Election results – Tempe and Presidential primaries
Tonight’s big shocker: Romney appears to be on track to come in a lowly third place in both Alabama and Mississippi.
Also awaiting results on local elections.
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7:49 p.m. Alabama called for Santorum (35%). Newt in second with 30%, Mitt lagging behind at 28.
7:55 p.m. With 96% reporting, Santorum is also slightly ahead of Newt (33-31) in Mississippi and the projected winner. If this result holds, Newt’s campaign as a candidate who claimed to have a regional appeal is effectively over.
7:57 p.m. The AP just called Mississippi for Rick Santorum. Seems like it may be “Game Over” for Newt.
8:12 p.m. Checking the exit polls.
- These are some of Ron Paul’s worst performances to date – 4.4% in Mississippi and 5% in Alabama. The r3v0lut10n no longer appears to be imminent. Indeed, 74% of GOP voters said they would actually be dissatisfied if Paul won the nomination.
- If there’s a “War on Women”, it’s not showing up in the exit polls, which show that more women than men voted in the Mississippi primary.
- Young voters (18-29) in Mississippi overwhelmingly went for Rick Santorum, giving him 45% of their share of the vote.
- Romney again won voters with incomes over $100,000.
- Newt Gingrich won voters that “strongly support” the Tea Party in Mississippi.
- A staggering 80% of Mississippi GOP primary voters describe themselves as born-again Christians, which helped put Rick Santorum over the top.
- Gingrich won voters who said government spending and candidate experience were their top priorities.
- Mitt Romney was overwhelmingly seen as the most electable candidate.
- A near-unanimous 86% of primary voters described themselves as dissatisfied or angry with how government runs.
- Santorum won voters that decided who to support within the last few weeks as opposed to earlier during primary season.
- The only age category Mitt Romney won in Alabama was voters over 65.
8:34 p.m. Turning now to local election coverage. The Tempe mayoral election is where the action is right now. With 80% reporting, Republican Michael Monti currently has a 16 vote lead over councilman Mark Mitchell. WFP previously covered lax ID requirements in early voting at ASU, and in a race this close it matters. This election is only the primary, as there is a third candidate pulling 21% of the vote. The general election runoff between Monti and Mitchell will be May 15.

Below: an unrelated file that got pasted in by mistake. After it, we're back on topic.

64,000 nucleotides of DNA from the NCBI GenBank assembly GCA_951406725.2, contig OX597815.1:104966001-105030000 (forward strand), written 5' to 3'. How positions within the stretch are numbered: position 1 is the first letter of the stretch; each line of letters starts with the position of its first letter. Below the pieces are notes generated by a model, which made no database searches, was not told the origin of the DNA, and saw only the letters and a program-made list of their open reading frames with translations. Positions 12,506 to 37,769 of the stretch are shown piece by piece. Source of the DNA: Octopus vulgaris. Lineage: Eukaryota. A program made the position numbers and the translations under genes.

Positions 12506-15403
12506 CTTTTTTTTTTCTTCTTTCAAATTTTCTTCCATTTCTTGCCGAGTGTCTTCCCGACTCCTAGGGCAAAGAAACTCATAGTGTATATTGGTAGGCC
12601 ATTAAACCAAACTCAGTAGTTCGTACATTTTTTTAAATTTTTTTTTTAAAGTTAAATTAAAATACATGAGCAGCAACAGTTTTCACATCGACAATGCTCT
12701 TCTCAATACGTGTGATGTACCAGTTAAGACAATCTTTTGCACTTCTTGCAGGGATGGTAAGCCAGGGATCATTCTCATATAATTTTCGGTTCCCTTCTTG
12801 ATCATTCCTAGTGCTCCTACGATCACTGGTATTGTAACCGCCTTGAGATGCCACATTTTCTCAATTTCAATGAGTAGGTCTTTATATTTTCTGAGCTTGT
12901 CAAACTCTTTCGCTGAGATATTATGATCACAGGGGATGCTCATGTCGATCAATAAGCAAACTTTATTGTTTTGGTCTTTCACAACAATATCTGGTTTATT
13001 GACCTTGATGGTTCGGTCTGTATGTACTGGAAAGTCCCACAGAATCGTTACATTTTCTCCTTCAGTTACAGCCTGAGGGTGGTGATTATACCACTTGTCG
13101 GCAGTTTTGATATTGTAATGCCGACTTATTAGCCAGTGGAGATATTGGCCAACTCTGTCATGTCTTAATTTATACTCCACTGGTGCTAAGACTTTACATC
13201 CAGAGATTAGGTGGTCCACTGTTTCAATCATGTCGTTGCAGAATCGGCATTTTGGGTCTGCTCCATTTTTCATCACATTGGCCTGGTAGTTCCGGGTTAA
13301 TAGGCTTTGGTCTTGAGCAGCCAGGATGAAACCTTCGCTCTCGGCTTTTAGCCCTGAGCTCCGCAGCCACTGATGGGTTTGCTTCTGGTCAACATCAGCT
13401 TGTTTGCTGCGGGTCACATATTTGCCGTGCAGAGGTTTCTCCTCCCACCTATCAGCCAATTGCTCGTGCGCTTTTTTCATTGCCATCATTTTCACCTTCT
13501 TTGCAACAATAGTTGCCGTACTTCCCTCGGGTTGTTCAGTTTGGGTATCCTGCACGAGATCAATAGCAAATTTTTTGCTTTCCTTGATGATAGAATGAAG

8:38 p.m. The Tempe city council candidates mostly have around 17%, other than a solid lead for Corey Woods. Following him: Joel Navarro, Dick Foreman, Kolby Granville, and Angie Taylor Thornton.
8:54 p.m. Delegate math for the Presidential primary while awaiting further local results. Alabama has 50 delegates, all of which are tied to the primary election results but 3 unpledged RNC delegates. No word on what the exact breakdown there will be. Mississippi has a similar system – 37 awarded delegates, 3 unpledged. Right now CNN shows Santorum receiving no clear advantage from his win: he gets 13 delegates, while the losers, Newt and Romney, still get 12 each. Ron Paul of course gets zero.
9:13 p.m. Tempe mayoral primary went to GOP candidate Michael Monti by a 3-vote margin.
I think I’m going to just end this here by saying: EVERY. VOTE. COUNTS. Even the ones that shouldn’t.